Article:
Fortunately, it is possible to distinguish between the results for these two groups.
The paper presented by Jones and Yarhouse to the APA is significantly less detailed than was their book, as could be expected. Specifically, the several scales of measurement were reduced to two, Kinsey and Shively & DeCecco, and while the book provided information on interim points, the paper uses only the starting point (T1) and the final point (T6).
The results in the book are based on 75 of the original 98 participants. Since J&Y presented their results in their book, an additional 14 participants have dropped out of the study, bringing the sample size down to 61. The remaining participants have now been part of the study for six to seven years.
Because the total sample is a hodge-podge of two very different subpopulations, it is informative only to the extent that it reveals information about the difference between those subpopulations.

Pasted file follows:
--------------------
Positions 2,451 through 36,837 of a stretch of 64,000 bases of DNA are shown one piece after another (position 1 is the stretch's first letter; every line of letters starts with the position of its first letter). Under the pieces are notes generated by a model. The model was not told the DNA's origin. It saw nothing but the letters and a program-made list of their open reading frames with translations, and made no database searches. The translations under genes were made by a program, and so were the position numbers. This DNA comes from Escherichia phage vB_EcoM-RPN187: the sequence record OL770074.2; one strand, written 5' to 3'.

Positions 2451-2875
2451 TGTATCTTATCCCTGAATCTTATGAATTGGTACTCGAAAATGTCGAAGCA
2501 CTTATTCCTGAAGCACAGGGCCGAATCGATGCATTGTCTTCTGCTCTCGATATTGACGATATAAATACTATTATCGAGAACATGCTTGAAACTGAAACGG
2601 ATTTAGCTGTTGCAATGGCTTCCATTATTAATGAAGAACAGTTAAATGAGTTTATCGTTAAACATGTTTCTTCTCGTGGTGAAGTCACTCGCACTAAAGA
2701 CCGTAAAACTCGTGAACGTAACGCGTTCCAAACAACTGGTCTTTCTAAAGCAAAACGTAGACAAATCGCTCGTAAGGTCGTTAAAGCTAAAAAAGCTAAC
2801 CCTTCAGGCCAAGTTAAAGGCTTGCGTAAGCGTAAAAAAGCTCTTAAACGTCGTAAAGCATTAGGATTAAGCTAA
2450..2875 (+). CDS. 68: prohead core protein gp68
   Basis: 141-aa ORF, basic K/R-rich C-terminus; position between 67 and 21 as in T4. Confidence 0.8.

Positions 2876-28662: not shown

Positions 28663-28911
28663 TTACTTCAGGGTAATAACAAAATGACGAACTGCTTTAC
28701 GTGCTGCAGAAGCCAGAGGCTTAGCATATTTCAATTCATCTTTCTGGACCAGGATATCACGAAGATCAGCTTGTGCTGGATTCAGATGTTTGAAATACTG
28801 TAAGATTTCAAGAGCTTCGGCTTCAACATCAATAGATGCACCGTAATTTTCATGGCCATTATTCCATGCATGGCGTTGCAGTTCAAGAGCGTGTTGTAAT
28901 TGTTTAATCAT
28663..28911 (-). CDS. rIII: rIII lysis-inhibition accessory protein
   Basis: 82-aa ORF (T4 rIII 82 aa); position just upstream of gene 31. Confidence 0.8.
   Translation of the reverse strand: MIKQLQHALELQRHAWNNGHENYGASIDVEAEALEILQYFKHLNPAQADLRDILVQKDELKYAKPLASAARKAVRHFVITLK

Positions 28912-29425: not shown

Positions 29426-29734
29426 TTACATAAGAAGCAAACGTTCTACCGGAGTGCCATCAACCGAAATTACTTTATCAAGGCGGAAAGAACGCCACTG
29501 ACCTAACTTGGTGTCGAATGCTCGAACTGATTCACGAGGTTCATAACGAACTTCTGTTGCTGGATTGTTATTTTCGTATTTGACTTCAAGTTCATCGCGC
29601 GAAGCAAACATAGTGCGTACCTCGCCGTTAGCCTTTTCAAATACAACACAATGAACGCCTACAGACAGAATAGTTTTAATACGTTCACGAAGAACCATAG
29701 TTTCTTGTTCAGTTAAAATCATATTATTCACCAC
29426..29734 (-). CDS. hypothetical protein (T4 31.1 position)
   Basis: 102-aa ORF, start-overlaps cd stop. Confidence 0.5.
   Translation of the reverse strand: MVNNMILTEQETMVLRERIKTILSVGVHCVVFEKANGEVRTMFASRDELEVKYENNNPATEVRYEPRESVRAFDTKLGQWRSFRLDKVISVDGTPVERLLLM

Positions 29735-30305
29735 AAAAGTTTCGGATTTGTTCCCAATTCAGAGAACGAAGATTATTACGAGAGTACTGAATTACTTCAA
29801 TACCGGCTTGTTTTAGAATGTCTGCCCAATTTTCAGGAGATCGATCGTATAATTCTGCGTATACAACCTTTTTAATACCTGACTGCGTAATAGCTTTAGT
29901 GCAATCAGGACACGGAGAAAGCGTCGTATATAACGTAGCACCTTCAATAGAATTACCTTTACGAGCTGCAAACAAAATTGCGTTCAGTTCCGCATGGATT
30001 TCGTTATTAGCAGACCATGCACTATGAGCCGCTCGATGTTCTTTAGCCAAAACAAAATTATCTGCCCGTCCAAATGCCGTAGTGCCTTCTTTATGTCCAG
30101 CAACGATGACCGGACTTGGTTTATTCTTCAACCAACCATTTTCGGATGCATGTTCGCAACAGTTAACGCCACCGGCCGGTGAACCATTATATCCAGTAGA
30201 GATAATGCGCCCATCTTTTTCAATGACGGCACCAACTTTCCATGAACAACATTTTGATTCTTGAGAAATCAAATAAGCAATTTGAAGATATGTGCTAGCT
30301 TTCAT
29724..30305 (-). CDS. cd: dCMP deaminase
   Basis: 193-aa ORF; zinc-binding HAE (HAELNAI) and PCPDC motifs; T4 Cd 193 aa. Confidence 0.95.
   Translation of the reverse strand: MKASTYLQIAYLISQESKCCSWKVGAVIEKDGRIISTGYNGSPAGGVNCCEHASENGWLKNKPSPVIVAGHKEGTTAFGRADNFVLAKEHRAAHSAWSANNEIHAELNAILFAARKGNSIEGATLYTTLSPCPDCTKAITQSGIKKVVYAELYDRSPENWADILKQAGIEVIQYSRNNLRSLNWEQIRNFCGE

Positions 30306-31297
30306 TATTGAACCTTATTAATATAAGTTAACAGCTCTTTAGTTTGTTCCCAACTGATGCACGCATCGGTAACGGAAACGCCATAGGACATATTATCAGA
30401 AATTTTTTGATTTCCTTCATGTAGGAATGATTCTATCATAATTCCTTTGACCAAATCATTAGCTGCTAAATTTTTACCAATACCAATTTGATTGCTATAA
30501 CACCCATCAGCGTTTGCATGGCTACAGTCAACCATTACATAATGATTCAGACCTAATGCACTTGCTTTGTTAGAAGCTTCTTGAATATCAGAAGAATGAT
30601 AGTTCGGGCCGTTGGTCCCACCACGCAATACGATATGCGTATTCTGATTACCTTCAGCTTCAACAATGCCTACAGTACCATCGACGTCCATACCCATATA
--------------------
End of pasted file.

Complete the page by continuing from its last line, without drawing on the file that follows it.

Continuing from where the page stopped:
The group that is most accurately studied, and that whose results are most revealing about the extent to which Exodus is successful is Phase 1, the prospective study. And this is what Jones and Yarhouse report about that subpopulation:
In other words, on average, after six to seven years of participation, those who went through Exodus ministries reported over the period of their involvement no change in sexual orientation at all.
Averages v. Individuals
Averages, while meaningful to statisticians and to those who are evaluating the effectiveness of Exodus International, do not tell the full story. We must also look at individual results.
For their book, Jones and Yarhouse classified their participants into categories based on their individual reports. They came from a religious evaluation model and defined two groups as successful (conversions and chaste), two as failure (identifying as gay and considering identifying as gay), and two in the middle that were still trying but seeing little to no results. For the final report, the authors changed their procedure and allowed participants to select their own category.